We can also quickly check our math to make sure that our closing price in one year and our expected return over one year line up. We can do this by finding the return between our day zero stock price and our forecast stock price one year from now using LN – the number we get should exactly match the cumulative return that we randomly generated since our closing price is based on that information. If the two don’t match then we know we have an issue somewhere, probably with cell referencing (perhaps we forgot to make a reference absolute) and we need to check our work closely. As you can see above, the two match up so we know we’re using consistent formulas. Granted, we may still have made a mistake – but if we did its been made consistently and I always feel a little better after running any kind of double check on my own work.

This outlines the basic process but represents just one simulation – Monte Carlos use many thousands. Next we’re going to manually copy the results of our forecast price column into several nearby columns. Since we’re using RND() in our function, and its volatile, after each time we paste the values from that column into a new one, all 252 prices will be recalculated. This effectively means we can copy the results of one simulation, and immediately excel will have “run” another one for us to copy. This is a boring and labor intensive process to even get a small sample of simulations but it further illustrates a process we’ll automate with VBA:

The shot above shows immediately after using excels paste values command to copy the “Price” (Column L) simulations into “Trial 20” (Column AM). As you can see, the pasted prices in Trial 20 are now different than the prices that Excel is calculating using our equation. This took just a few seconds, but 20 is a tremendously small sample size. Imagine trying to get 1000 samples for a project this way!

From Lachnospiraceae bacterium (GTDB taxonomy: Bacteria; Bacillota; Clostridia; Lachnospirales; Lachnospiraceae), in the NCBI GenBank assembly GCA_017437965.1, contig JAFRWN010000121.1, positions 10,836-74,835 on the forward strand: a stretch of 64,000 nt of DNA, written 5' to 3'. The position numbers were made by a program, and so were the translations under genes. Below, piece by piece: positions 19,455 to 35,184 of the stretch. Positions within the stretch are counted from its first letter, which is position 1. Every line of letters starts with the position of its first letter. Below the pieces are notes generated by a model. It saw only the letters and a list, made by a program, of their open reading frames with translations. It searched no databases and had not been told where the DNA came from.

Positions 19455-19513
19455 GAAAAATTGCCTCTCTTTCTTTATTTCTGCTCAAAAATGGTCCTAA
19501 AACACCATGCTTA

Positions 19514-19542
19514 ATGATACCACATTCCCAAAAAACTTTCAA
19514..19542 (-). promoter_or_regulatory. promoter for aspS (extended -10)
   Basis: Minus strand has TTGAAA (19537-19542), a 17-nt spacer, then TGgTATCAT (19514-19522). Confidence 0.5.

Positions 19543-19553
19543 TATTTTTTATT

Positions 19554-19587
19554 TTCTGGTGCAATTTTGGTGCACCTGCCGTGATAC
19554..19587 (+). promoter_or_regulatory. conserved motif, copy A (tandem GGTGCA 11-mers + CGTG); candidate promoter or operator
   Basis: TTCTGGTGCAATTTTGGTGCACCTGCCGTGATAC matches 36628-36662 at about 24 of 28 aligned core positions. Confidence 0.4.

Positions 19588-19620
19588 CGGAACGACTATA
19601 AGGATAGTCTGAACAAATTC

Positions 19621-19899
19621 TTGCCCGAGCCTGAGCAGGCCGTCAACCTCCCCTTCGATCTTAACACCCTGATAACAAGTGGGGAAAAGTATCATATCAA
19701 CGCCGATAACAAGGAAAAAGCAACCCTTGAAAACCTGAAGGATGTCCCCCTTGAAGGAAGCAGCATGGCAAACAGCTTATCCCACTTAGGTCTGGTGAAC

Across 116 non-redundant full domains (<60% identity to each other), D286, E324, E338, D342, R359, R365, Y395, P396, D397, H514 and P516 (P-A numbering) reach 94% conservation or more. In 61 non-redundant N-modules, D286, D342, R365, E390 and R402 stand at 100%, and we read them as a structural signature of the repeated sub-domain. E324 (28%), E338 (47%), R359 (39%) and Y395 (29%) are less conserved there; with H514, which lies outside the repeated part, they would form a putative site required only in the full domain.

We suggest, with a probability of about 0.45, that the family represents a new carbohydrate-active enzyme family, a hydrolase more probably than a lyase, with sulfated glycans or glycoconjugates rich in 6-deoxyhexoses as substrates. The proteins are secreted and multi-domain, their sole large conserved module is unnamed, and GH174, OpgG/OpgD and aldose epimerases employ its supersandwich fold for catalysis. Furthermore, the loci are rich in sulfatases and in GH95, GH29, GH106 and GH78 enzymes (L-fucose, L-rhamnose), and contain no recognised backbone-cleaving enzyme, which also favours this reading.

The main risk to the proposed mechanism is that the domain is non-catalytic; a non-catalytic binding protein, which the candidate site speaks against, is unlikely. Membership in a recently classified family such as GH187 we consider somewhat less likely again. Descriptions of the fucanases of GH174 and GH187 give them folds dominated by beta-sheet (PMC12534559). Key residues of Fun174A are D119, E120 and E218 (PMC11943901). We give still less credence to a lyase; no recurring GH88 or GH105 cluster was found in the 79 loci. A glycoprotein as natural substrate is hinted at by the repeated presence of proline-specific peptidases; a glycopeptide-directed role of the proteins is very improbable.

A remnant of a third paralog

Even though we have a small number of simulations, I’m a firm believer in practicing all aspects of analysis in Excel. This includes generating a visualization of the model and its output, so lets throw in a quick chart:

Building the chart took a little longer than copying the data 20 times, but which one provides more information to the end user? If you had to sit through me presenting the results of these 20 simulations to you, would you prefer I have this chart or the table with all 20 trials above it?

The results aren’t especially meaningful in my opinion, due to our small number of simulations. However, you can see that generally they conform to the results we would expect given the average daily return for OPB was a small negative number. We have more simulated outcomes that result in a one year close below its close today and the largest simulated downside is much larger than the largest simulated upside.


As we continue to explore using Monte Carlo to model future stock returns, we’ll examine the impact of changing the interval from daily to weekly to monthly. We’re also going to examine automating these processes with VBA so that we can run many more simulations. Then, we’ll take a look at the best ways to visualize many thousands of simulations – without attempting to graph each simulated outcome individually. Finally, we’ll build a model that takes into account more interesting parameters than just mean and standard deviation of historical returns.

For more practice using Monte Carlo, you can also take a look at some coverage of their application for risk analysis.

Here’s Part II.